Looking forward to Next Year....

Wolcott Rapids on the Lamoille
Saturday Apr 13, 2013
Organizer: Brock Richardson
Difficulty: nov-int WW
Level: medium low

Wolcott rapids proved an enjoyable new paddle for myself and John. It was a welcome close by trip for Dan and Justin . It provided a spot for Jason to try his hand at a whitewater canoe in his new to him Nitro. The river starts from the dam and continues over a series of ledge drops. None of them are particularly hard but several of them required a move or a brace especially at this lower level. We had several swims. Jason did amazingly well for his first time in a Whitewater Canoe. This is a surprisingly pretty and very fun little section of the Lamoille. It took us a leisurely hour and a half to complete and I would rate it a 2 plus 3 minus.

We returned to the parking area with time to burn. What better way to burn time then a long Drive to Derby Center. Jason had sense enough to call it a day but the rest of us headed up for a run on the Clyde. Justin had a section in mind below Charleston Pond in West Charleston. We followed him for a look. It looked like a long solid class 4 plus drop to me with really sharp rocks some wood and a pinning rock right in the middle of everything. Justin could convince no one to Light it up so we saved that run for another day.( or in my case never) . Dan knew a section downstream of Lake Salem so we headed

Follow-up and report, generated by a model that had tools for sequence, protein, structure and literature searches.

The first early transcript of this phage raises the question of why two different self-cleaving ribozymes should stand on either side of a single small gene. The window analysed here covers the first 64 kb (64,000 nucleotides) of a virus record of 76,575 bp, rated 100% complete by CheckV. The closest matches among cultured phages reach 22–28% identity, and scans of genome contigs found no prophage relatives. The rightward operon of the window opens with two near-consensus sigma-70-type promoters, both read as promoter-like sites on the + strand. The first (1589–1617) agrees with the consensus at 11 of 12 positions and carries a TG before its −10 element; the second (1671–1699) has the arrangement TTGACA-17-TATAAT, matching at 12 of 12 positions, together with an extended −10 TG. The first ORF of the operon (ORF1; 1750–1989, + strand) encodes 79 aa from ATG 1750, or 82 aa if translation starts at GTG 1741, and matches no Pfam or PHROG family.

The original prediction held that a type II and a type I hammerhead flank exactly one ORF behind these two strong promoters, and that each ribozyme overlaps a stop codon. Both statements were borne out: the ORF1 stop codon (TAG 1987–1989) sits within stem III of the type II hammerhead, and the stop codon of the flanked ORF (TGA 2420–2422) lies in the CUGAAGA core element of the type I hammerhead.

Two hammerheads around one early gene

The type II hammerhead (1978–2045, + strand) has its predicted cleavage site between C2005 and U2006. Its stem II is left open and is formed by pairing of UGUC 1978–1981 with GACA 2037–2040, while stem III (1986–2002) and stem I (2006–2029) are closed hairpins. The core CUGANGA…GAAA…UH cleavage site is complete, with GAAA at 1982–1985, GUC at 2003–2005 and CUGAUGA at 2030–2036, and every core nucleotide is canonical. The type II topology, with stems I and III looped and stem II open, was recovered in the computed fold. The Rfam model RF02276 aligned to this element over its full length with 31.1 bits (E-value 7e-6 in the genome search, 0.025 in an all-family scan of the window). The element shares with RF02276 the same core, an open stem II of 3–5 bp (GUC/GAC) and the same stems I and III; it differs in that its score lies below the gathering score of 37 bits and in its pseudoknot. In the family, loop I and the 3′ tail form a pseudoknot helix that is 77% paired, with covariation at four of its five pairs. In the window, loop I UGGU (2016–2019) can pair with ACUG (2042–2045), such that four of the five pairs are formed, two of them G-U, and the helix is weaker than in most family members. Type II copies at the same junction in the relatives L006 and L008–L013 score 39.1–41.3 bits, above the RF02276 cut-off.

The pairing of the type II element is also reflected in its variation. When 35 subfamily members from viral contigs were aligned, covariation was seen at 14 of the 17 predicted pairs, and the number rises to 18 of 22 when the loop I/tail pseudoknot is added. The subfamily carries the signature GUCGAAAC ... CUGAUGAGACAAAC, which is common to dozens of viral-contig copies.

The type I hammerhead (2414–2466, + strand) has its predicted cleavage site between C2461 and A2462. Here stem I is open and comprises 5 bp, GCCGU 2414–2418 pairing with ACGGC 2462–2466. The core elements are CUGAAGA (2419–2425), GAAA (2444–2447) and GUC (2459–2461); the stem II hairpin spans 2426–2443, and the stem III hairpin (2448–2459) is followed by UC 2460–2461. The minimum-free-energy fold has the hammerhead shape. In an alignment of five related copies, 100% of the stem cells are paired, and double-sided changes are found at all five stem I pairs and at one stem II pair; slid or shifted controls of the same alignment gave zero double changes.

There. Unfortunately all the ponds and lakes were frozen so we could not use the usual access points. We managed to squeeze in a short run and the river was quite beautiful a real Kingdom Gem Like paddling through an enchanted forest. The whitewater was marginal class 2 minus pretty much a straight flush with few features but the beauty was incredible.

Quote of the Day: " The Moose, I'm not driving to the Moose, that's too far.Lets go to Derby Line"

Thanks all for a great day


New Haven Ledges
Wednesday Apr 17, 2013
Organizer: Alden Bird
Difficulty: advanced WW
Level: medium low
Author: Alden Bird

April 17th began early as and continued through its length being a truly beautiful spring day. Warm temperatures and blue skies beckoned even at 6 am, as I drove to work through the Winooski Valley to Montpelier. It was only then that I realized I had forgotten my boat and would have to return home after work before driving back over the mountains.